Environment experts say the government should tax pollution to fund social care and the NHS, instead of increasing national insurance.
Chris Sherrington, head of environmental policy and economics at the sustainability consultancy Eunomia, says the government has missed an opportunity to use environmental fiscal reform, where taxes or increased on the things we want less of, such as pollution, and lowered on things we want more of, such as jobs, to fund increased investment in health and social care.
He said: ‘In a country where we’re trying to recover economically from a pandemic and decarbonize our society why aren’t we taxing pollution instead of work?
‘I’m sure I’m not alone in thinking about the possible alternative ways in which an extra £12bn could be found for the NHS and social care.
‘Analysis from early 2020 by Simon Evans of Carbon Brief shows that had the fuel duty freeze not been put in place, not only would UK CO2 emissions be up to 5% lower, but the exchequer, according to the Institute For Fiscal Studies, would have gained £11.2bn in the financial year 2019-20, rising to £13.9bn in 2022-23 if the freeze continues.’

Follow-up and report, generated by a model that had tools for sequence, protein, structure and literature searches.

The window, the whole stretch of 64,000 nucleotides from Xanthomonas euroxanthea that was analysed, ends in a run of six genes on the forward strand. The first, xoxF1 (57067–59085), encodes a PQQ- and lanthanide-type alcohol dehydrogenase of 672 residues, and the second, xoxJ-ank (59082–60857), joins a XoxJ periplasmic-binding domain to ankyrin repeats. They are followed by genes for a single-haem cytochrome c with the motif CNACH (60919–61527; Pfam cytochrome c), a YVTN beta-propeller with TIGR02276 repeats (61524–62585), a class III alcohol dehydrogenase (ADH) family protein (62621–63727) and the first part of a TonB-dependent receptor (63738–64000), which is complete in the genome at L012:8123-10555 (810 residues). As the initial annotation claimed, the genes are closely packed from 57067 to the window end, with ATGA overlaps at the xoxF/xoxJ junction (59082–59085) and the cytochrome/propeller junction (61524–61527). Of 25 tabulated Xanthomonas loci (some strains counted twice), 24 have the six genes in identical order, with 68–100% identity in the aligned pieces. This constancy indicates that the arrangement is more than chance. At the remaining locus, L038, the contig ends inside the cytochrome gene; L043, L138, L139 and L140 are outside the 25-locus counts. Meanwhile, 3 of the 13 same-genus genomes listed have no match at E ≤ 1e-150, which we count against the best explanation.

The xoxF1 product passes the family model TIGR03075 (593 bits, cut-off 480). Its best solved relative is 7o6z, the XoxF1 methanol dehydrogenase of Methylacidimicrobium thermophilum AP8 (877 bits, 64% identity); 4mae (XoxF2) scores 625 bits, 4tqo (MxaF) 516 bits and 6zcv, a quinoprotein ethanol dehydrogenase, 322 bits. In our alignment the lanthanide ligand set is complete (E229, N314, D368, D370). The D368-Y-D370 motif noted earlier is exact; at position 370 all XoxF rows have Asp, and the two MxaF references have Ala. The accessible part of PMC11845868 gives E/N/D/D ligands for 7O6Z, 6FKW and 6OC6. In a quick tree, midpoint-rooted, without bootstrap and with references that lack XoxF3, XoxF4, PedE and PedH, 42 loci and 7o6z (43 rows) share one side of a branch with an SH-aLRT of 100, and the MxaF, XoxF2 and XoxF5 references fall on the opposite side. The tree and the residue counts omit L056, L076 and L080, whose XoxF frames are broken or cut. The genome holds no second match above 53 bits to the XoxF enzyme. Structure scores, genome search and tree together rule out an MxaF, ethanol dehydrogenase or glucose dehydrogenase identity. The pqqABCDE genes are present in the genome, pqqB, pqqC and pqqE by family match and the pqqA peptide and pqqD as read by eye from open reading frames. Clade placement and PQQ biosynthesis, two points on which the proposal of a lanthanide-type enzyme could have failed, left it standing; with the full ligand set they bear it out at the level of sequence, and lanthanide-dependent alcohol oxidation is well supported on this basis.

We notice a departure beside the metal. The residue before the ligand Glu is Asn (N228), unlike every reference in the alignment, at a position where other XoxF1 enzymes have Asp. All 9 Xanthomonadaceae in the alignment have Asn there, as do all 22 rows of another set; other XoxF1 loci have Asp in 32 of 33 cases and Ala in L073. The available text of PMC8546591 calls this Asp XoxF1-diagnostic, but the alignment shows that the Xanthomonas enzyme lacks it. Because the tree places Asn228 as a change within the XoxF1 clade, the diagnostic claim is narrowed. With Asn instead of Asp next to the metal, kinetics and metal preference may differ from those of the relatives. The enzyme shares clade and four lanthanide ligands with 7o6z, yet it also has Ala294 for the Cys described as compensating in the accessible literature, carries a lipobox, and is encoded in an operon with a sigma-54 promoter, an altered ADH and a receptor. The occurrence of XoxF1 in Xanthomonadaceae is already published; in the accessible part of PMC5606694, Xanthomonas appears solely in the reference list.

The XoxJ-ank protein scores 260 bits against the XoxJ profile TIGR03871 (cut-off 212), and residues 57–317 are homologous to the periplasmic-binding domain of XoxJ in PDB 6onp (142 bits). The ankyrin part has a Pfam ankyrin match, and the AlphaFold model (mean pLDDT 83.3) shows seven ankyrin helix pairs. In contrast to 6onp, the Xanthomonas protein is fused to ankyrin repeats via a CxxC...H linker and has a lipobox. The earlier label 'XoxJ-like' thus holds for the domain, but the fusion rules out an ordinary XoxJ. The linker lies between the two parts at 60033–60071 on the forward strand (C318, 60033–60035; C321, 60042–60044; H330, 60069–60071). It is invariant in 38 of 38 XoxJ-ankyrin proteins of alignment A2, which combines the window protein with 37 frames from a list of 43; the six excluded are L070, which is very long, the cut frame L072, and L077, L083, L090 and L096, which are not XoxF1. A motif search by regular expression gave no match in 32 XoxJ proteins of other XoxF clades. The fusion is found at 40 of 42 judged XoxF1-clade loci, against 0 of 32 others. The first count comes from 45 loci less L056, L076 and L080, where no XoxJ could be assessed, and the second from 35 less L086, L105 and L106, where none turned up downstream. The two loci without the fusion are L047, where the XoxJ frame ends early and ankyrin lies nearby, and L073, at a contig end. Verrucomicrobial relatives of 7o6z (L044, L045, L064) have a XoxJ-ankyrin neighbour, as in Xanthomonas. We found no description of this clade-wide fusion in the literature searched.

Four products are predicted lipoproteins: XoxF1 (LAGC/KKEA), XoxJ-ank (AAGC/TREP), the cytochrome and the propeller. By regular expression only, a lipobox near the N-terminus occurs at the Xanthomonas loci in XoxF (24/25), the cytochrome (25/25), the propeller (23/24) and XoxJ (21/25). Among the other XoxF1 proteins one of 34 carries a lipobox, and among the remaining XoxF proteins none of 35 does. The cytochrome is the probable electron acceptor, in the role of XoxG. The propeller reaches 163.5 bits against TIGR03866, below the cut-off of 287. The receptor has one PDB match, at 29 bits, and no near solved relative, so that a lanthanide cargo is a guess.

This comes after Boris Johnson announced National Insurance contributions will rise by 1.25% to pay for the social care system in England
The 1.25 percentage point increase is expected to raise about £12bn which, in the early years, will mainly be used to fund dealing with the NHS backlog.
Chris Sherrington said: ‘Environmental fiscal reform is a tried and tested way of raising revenue and there is a lot of research being carried out about how it can support decarbonisation.
‘In a research project we are working on for the European Commission on environmental taxation and budgetary reform, we have analysed the cost-effectiveness of various environmental taxes that could be used to address different environmental issues including air pollution, water quality, water stress and availability, waste, resources and circular economy, biodiversity and land-use change.
‘In the project, we have designed 54 market-based instruments targeting key environmental problems in the EU-27.
‘Another project in this area brings together 40 case studies of how environmental fiscal reform has been or is being used, including landfill tax and the aggregates levy (raw materials in relation the construction).
‘The principle is well-established. Some people think such an approach is regressive, but our research has shown that if designed correctly, switching the burden of taxation can support and encourage a socially-just society.’
Photo Credit – Daniel Moqvist